Anyone that’s met me knows how much I love food. There is very little I will not try, I’ve eaten bugs before now but I draw the line at testicles and eyeballs. Luckily, I seem to have quite a strong stomach which has –in the past– prevailed over some suspect food while others have been left glued to the loo. I do, however, have a slightly unusual reaction to spicy food that both my friends and family find hilarious – I hiccup. Don’t get me wrong, it’s not a cutesy little hiccup, it’s a beastly depths-of-your-body-rocking mouth explosion. It’s embarrassing; onlookers think I’m having some kind of fit. It takes ages to get rid of them and they hurt. I do usually get warning if it’s about to happen. I feel this strange sensation at the back of my throat and I have learnt that I should drink some water or take a few mouthfuls of something bland like rice or yoghurt. My problem is I really love food and don’t have a lot of self-control when it comes to food. I always think ‘Oh, just one more mouthful, I can get away with it’ then BAM!: Dying whale in the room.
Sri Lanka isn’t known for its mild curries, in fact, I think one person described it as ‘burn your taste-buds off’. Don’t misunderstand me, I don’t want mild food –it’s just easier not to have to reassure an entire restaurant, in bad phrasebook Sinhala and hand gestures, that all is OK. Plus, it takes 3 times as long to go through the palaver of alternating mouthfuls of food with copious drinks. Despite this, while over here, as with anywhere I go, I wanted to eat as much of the local food as possible.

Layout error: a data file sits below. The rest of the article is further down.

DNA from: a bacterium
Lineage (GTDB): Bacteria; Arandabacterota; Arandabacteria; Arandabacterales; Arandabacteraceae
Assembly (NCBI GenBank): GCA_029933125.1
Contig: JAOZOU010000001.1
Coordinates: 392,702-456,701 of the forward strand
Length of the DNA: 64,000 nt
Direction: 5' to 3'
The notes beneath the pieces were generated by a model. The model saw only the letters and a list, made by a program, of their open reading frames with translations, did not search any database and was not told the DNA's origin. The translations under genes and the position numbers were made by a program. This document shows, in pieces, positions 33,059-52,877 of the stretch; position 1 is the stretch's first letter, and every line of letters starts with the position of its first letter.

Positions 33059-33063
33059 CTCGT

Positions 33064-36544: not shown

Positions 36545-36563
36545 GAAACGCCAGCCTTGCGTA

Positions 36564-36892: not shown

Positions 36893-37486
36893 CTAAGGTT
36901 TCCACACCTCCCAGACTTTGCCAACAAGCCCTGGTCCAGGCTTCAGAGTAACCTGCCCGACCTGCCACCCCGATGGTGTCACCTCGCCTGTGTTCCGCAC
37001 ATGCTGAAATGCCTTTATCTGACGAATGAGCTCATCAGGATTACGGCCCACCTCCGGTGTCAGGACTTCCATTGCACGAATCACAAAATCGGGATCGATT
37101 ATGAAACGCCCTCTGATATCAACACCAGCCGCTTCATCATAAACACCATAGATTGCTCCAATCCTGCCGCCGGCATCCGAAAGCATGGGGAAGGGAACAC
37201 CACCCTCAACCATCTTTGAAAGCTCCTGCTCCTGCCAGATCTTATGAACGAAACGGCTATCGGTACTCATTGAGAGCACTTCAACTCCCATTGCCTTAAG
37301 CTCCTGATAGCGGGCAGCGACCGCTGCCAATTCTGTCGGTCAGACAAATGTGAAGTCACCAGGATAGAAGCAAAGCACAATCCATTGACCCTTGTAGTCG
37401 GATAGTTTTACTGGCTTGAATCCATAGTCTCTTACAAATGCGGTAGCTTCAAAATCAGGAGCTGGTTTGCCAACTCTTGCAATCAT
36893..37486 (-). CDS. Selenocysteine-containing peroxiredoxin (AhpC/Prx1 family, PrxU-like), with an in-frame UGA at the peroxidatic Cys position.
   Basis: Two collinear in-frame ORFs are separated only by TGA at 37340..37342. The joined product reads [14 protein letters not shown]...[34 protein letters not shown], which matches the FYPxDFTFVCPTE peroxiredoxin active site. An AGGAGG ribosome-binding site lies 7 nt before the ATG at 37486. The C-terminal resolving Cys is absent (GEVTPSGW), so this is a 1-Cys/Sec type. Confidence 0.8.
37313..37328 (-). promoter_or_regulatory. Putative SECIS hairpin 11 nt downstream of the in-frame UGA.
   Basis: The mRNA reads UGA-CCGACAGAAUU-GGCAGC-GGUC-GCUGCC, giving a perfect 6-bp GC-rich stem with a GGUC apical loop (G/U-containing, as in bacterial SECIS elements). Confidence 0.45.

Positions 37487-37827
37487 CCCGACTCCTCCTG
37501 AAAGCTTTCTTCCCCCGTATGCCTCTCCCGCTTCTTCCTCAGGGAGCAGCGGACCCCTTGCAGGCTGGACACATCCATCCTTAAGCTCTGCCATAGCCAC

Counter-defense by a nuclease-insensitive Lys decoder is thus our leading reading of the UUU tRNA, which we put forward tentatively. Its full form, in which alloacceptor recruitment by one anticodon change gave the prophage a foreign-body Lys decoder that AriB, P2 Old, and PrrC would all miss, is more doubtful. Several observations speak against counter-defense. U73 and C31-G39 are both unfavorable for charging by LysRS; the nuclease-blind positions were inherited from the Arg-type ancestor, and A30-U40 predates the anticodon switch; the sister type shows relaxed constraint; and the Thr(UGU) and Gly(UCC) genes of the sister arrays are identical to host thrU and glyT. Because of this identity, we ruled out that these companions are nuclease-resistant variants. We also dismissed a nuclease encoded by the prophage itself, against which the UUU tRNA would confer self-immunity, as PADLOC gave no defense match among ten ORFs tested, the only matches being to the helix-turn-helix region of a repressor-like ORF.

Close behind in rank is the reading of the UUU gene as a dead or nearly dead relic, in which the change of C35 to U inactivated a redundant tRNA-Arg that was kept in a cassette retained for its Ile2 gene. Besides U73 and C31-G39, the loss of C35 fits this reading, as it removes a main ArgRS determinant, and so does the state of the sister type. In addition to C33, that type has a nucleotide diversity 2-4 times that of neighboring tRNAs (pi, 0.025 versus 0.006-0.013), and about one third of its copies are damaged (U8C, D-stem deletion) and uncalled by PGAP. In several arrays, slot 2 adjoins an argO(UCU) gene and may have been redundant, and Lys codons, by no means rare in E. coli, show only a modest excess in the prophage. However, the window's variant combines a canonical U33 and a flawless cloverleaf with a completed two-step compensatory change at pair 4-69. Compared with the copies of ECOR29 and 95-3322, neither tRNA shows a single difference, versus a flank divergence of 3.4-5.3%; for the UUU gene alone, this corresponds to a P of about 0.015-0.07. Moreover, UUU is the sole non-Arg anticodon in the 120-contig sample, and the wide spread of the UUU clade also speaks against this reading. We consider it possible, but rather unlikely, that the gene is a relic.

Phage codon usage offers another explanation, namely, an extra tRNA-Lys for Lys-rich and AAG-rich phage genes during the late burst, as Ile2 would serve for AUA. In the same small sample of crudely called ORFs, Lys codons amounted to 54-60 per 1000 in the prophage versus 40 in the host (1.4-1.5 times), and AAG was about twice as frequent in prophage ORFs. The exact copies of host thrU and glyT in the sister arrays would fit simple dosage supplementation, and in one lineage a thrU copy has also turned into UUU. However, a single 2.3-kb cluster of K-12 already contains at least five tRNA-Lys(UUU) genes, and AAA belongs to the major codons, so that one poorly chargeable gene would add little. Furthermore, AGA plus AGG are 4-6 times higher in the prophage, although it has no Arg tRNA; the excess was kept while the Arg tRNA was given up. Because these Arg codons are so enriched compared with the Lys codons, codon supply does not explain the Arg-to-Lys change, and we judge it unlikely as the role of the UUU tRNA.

I found a cute little restaurant called the Green Cabin which had ⅔ of its seating outside surrounded by trees and plants. So I sat down and looked at the menu. Well, I recognised the word ‘curry’ but the rest was lost on me. Oh well, I thought, I’ll just order the most unpronounceable thing. Just as the waiter approached I was bashed over the head by the sense monkey and thought to ask him which of the dishes were mild. After he’d stopped laughing he pointed to a mutton curry. Two delicious mouthfuls in and disaster almost struck, I could feel the excitable hiccup goblins ready to start bouncing on my diaphragm. I slowed right down, separated the small portion of my rice I hadn’t doused in mutton fire-sauce, and began the long ritual. It took me an hour to eat it! I escaped the implication that I was special by the skin of my teeth. It must have looked strange to the staff and onlookers, me eating so slowly. Luckily, I had bought my travel journal with me (thanks Hayley) so I may have appeared to have been busy just stopping to write in-between mouthfuls. I think I got away with it.